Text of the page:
BRAINERD, MN —- A Trans Am racecar driver is dead after crashing head-on with a concrete wall at high speed Sunday afternoon at Brainerd International Raceway.
Brainerd International Raceway
5523 Birchdale Road
Brainerd, MN 56401
The driver was identified by track officials as Mel Shaw, 70, of New Jersey. Several online sources describe Shaw as a veteran of the racing industry who began racing nearly 50 years ago.
The crash occurred on Turn 3 of the 2.5-mile Competition Road Course during a Sports Car Club of America race. The smaller 12-lap race took place between two Trans Am Series events as part of the PleasureLand RV Show and Go at the racetrack.
The turn at which Shaw's car lost control is at the end of the fastest straight-away on the track, Copham said, where vehicles reach speeds of 150 mph. Copham said in addition to its high-speed entry, the turn is fairly tight.
Witnesses to the crash described Shaw's car as moving noticeably fast for the conditions. They said it sounded as though the throttle on the vehicle was revving and accelerating instead of slowing down for the curve.
"We heard the cars coming and it was very obvious that this particular car was not slowing down soon enough," said Larry Gau, race spectator from Dayton. "He was downshifting, trying to slow down, but as soon as he came back on the gears the car would accelerate and the throttle would advance again. He basically went straight off the end of the track with the throttle accelerating, and went almost straight into the wall."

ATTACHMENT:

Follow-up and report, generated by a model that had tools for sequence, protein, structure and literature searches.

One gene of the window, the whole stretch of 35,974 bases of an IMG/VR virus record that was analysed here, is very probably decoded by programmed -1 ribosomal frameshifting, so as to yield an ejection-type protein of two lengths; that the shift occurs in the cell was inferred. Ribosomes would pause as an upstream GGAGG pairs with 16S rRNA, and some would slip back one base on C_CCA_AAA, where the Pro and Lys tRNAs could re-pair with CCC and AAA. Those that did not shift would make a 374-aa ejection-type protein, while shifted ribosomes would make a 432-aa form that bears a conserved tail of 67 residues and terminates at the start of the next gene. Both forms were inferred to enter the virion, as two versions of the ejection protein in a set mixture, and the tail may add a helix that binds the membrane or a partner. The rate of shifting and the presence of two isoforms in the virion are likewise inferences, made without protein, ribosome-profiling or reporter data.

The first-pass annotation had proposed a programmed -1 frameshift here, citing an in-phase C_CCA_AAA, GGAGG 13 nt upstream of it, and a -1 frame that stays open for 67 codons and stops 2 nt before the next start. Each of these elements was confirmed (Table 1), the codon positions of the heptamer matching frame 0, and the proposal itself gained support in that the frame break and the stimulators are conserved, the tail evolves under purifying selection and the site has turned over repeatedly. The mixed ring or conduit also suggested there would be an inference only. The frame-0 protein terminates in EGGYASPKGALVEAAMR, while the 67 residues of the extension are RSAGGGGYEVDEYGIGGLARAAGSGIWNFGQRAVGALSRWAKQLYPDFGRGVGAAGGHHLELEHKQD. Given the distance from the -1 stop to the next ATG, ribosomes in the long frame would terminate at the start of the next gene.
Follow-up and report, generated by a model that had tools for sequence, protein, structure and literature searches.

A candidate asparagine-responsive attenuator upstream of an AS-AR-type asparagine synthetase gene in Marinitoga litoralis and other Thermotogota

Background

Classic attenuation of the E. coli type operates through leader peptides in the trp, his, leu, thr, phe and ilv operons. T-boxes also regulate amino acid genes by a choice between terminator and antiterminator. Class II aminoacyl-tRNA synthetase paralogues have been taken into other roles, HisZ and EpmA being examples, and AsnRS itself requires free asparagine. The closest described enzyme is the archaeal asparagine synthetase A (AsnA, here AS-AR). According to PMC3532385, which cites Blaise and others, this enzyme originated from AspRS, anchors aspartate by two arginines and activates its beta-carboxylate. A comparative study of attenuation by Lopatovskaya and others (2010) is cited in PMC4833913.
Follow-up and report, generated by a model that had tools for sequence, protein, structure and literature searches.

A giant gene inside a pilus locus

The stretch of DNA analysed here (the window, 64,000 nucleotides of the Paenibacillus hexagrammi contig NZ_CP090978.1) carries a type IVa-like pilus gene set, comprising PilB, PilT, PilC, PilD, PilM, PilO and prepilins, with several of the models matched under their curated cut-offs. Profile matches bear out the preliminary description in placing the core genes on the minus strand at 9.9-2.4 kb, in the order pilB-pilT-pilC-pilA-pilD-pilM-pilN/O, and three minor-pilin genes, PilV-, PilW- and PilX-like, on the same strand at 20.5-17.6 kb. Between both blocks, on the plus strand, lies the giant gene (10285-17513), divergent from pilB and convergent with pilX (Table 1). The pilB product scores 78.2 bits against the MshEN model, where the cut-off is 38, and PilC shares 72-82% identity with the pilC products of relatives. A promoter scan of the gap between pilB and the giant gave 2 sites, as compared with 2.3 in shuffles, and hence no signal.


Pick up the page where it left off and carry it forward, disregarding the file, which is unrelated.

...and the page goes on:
Gau said he'd attended many racing events, but had never witnessed a crash like Sunday's firsthand.
"It was one of those accidents that made you sick to your stomach," Gau said. "It was very obvious he was going to be injured pretty badly."
Steve Hindman of Baxter was also among the dozen or so spectators watching the race at Turn 3.
"Before you know it, he was head-on into the fence," Hindman said. "It just, it happened so fast. I kept thinking he was going to make the curve, but his car kept revving up."
Hindman said he thought the driver was traveling at more than 100 mph when he struck the concrete barrier. He wondered whether a sandy area or a tire barrier, known as "tire pillows," could have lessened the impact of the crash.
"That's my opinion, and everybody has an opinion," Hindman said.
BIR owner Jed Copham, who spoke with the Dispatch following his fourth place finish in the Ryan Companies Independence Day Classic, described the mood at the track as somber.
"He (Shaw) was a heck of a competitor. He was a tough guy," Copham said. "What a great guy, and what a loss to the racing community."
Copham said a lot of cars have gone off the road at Turn 3, although he'd never seen a hit like Shaw's. He said tire pillows can soften the blow of a crash, but it's still a blow.
"As a racer, we know the risks," Copham said. "We know every time we get in that racecar that things can go wrong and you just learn to live with those. I guess if I go out the same way, then I want to know I went out on top and went out happy. That's all you can say. He was doing what he loved. When a person can go out doing what they loved, I don't think there's a better way to go."
Jim Llewellyn, public relations manager for the Sports Car Club of America, became emotional in response to the fatal crash upon learning the identity of the driver.